St. Ignatius of Loyola: Soldier Saint (part 1)

+ 7/31 St. Ignatius Loyola, pray for us! +

St. Ignatius is one of my favorite Saints. Ever since I saw this old b/w movie on the life of this great man, I’ve been inspired by him.

Íñigo de Loyola was born into a noble family in the Basque region of Spain. He served at royal court and later became a soldier and a captain. He was very vain. He loved to read books about chivalry and to impress all the pretty Spanish ladies. Honor and glory were his main goals in life.

In a battle against the French, Inigo’s leg—as well as his dreams—were shattered by a cannonball. They were so taken by his courage that the French soldiers carried him home to the Loyola castle (where his brother’s family lived) to recuperate. His leg set wrong (didn’t look good) so it had to be broken and reset–without anesthesia! He grew very sick with a fever but it left him on the Feast of Saints Peter and Paul.

As he recuperated, Inigo got real bored so he asked for some books with stories of chivalry. There was only a Life of Christ and book of the lives of the Saints. He was bored so he read them. The more he read, the more he was inspired by examples of heroism of a higher kind. It was the beginning of his conversion.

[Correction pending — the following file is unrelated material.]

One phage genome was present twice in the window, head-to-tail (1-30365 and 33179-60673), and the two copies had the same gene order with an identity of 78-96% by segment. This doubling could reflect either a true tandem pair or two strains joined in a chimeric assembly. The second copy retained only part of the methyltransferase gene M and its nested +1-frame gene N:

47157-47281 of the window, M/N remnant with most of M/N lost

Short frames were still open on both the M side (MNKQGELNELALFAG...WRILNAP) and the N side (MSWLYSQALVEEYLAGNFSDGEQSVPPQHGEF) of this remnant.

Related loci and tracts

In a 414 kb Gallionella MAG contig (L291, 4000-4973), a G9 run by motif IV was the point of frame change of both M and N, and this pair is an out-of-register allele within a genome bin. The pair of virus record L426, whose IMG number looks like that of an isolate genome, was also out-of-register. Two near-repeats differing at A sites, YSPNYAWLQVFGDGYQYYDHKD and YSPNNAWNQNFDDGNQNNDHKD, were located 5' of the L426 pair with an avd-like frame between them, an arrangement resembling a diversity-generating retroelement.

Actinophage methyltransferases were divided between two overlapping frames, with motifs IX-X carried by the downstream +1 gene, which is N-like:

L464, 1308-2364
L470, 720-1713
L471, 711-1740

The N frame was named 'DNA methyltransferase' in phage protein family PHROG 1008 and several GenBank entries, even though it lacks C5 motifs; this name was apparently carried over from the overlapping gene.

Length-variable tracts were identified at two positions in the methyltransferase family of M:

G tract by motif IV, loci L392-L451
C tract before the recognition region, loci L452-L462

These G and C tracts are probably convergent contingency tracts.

As Inigo continued to read, he imagined rivaling and outdoing the deeds of the Saints. But every now and then his mind would turn to thoughts derived from his former reading material and way of life. Inigo realized that these thoughts left him dry and empty whereas the thoughts derived from the Lives of the Saints gave him peace and joy. He had come to discern between the spirit of the world and Spirit of God.

Inigo sought to be a knight, to fight for the heart of some noble woman and serve under a great king. All these aspirations now began to be transformed and translated onto the supernatural level. Gazing upon an apparition of the Blessed Virgin with the Child Jesus, he was filled with a great love for heavenly things and a loathing of his sins and the spirit of the world. Once fully recovered and converted, he went as a pilgrim to the Shrine of Our Lady of Montserrat were he made a vow of his chastity to Her. After making a good general Confession, he prayed all night before Our Lady’s altar, laid down his sword and became a soldier for Christ.

(To be continued)

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